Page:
Angaelos praises forgiveness message from Christian grandmother forced to parade naked in street

A damaged home belonging to one of seven Christian families whose houses were looted and set on fire by Muslim men at Al-Karm village in the southern province of Minya, Egypt. One of the houses belonged to the grandmother who was forced to parade naked.Reuters

The head of the Coptic Orthodox Church has welcomed as "courageous and inspiring" the forgiveness offered by a 70-year-old Christian grandmother who was stripped and forced to parade naked in the street by a mob of angry Muslims.

Soad Thabet was stripped and paraded through the streets of El Karm village in Egypt after claims circulated that her son had an affair with a Muslim woman.

In testimony released afterwards, she said: "My name is Soad Thabet and I do not want anyone to interview me or give me help. I forgave them, God forgive them."

Since the attack local armed forces have been ordered by the Egyptian president to rebuild Christian homes that were torched during the attack.

Bishop Angaelos, General Bishop of the Coptic Orthodox Church in the United Kingdom, said: "Days after having been stripped and dragged through the streets of her village in the most undignified and inhumane of ways, the gracious and forgiving response of Soad Thabet, an elderly mother and grandmother, is both courageous and inspiring."

He said the ethos of the Coptic Christian community in Egypt had always been one of forgiveness.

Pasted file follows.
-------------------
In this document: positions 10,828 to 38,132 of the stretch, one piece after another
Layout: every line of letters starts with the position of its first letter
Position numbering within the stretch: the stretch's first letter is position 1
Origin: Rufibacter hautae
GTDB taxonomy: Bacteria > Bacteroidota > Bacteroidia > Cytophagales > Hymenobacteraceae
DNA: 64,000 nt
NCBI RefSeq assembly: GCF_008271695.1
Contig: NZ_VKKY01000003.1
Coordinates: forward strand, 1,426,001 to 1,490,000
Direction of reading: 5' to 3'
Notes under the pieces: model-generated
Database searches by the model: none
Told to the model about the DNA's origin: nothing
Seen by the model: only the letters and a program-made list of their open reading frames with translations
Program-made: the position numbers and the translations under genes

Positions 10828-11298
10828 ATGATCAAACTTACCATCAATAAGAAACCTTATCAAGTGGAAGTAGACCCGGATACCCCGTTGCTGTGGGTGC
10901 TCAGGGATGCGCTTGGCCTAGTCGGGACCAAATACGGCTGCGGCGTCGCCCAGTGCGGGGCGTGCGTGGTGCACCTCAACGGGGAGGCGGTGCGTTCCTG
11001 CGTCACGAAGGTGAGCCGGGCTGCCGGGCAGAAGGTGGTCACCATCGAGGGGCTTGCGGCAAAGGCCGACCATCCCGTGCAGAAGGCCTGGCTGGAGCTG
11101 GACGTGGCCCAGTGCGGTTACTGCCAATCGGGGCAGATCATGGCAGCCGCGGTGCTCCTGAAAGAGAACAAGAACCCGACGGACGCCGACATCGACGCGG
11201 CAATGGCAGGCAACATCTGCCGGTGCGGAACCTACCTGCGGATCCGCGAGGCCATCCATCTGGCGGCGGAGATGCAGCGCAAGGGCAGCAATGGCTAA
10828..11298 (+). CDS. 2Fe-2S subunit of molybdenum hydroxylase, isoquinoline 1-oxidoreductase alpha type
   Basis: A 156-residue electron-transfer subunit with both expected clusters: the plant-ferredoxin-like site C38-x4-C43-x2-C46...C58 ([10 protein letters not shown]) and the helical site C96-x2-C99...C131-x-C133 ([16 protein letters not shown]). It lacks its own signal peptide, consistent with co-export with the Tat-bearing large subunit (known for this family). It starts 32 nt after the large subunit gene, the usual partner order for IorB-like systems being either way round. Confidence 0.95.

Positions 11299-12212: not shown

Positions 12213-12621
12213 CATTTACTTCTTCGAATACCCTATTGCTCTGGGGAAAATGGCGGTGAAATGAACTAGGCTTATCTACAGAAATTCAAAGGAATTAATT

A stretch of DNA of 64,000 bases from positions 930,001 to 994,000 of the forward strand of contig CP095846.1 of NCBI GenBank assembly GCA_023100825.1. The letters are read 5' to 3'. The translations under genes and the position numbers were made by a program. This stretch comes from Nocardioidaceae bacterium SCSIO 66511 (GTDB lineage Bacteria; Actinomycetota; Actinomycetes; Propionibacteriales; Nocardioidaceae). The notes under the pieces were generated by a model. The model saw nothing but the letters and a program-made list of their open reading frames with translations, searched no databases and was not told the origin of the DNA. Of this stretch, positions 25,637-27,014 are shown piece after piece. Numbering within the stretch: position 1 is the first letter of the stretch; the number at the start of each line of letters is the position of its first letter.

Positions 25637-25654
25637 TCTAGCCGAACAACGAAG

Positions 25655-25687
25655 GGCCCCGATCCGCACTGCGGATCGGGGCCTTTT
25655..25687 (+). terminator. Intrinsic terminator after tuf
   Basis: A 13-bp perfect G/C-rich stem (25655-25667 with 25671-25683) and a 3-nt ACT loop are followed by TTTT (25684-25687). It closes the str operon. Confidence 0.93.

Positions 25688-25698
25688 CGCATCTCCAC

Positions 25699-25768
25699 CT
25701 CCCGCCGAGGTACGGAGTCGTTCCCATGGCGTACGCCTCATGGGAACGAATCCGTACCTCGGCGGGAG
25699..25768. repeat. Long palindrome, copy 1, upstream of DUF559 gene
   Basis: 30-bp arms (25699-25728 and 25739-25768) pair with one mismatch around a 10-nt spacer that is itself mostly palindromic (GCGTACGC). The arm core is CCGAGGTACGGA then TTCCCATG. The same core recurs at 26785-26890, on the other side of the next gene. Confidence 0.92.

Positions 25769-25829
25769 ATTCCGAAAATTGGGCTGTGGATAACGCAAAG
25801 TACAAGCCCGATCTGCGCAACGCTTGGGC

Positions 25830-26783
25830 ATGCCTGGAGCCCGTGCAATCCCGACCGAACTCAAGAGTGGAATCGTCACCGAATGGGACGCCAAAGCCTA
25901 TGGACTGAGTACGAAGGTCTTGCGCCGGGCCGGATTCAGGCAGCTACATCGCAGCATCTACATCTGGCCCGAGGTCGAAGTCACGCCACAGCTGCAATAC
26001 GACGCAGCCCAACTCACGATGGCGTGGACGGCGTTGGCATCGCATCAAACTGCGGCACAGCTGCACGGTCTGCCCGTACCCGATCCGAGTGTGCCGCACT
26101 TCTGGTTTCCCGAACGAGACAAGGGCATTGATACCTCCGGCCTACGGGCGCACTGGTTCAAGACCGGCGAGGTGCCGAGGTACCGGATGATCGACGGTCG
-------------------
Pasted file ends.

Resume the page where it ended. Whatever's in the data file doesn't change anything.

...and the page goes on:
This was was particularly evident in its peaceful and reconciliatory response to the burning of more than 100 churches and other Christian buildings in 2013, and following the brutal execution of 21 Coptic Christians in Libya last year.

Bishop Angaelos continued: "Having said that, there is currently a rejection of conventional reconciliation meetings based on the fact that they have historically been used as a cosmetic short-term solution, without addressing root causes or preventing the recurrence of similar incidents.

"Despite an ongoing commitment to genuine reconciliation efforts, there is an immediate and pressing need for tangible solutions, as superficial measures that aim to pacify will by no means have a lasting effect, and can never lead to true reconciliation and social cohesion."

He said it was "shameful" that such mob crimes can be perpetrated against innocent communities or individuals, of whatever faith or ethnicity, and especially as a result of slanderous and unsubstantiated allegations.

David Cameron with Bishop Angaelos Downing Street

It was also shameful that an elderly woman could be so publicly and indecently humiliated.

"What is also unacceptable is the utter disinterest, at best, and complicit and criminal negligence, at worst, with which the local security services conducted themselves, and the Menia Governor's initial denial that these crimes actually occurred."

President Sisi of Egypt has called for a fair and transparent investigation.

"The hope is that measures to safeguard every Egyptian citizen, irrespective of his or her chosen faith or belief, will indeed be effectively implemented," said Bishop Angaelos. "Egypt is at a formative stage of its contemporary history which requires a robust system of law and order that underpins an ethos of equal citizenship and accountability. Any such steps taken at the national level however are severely hampered and undermined by these recurring failures at the local level."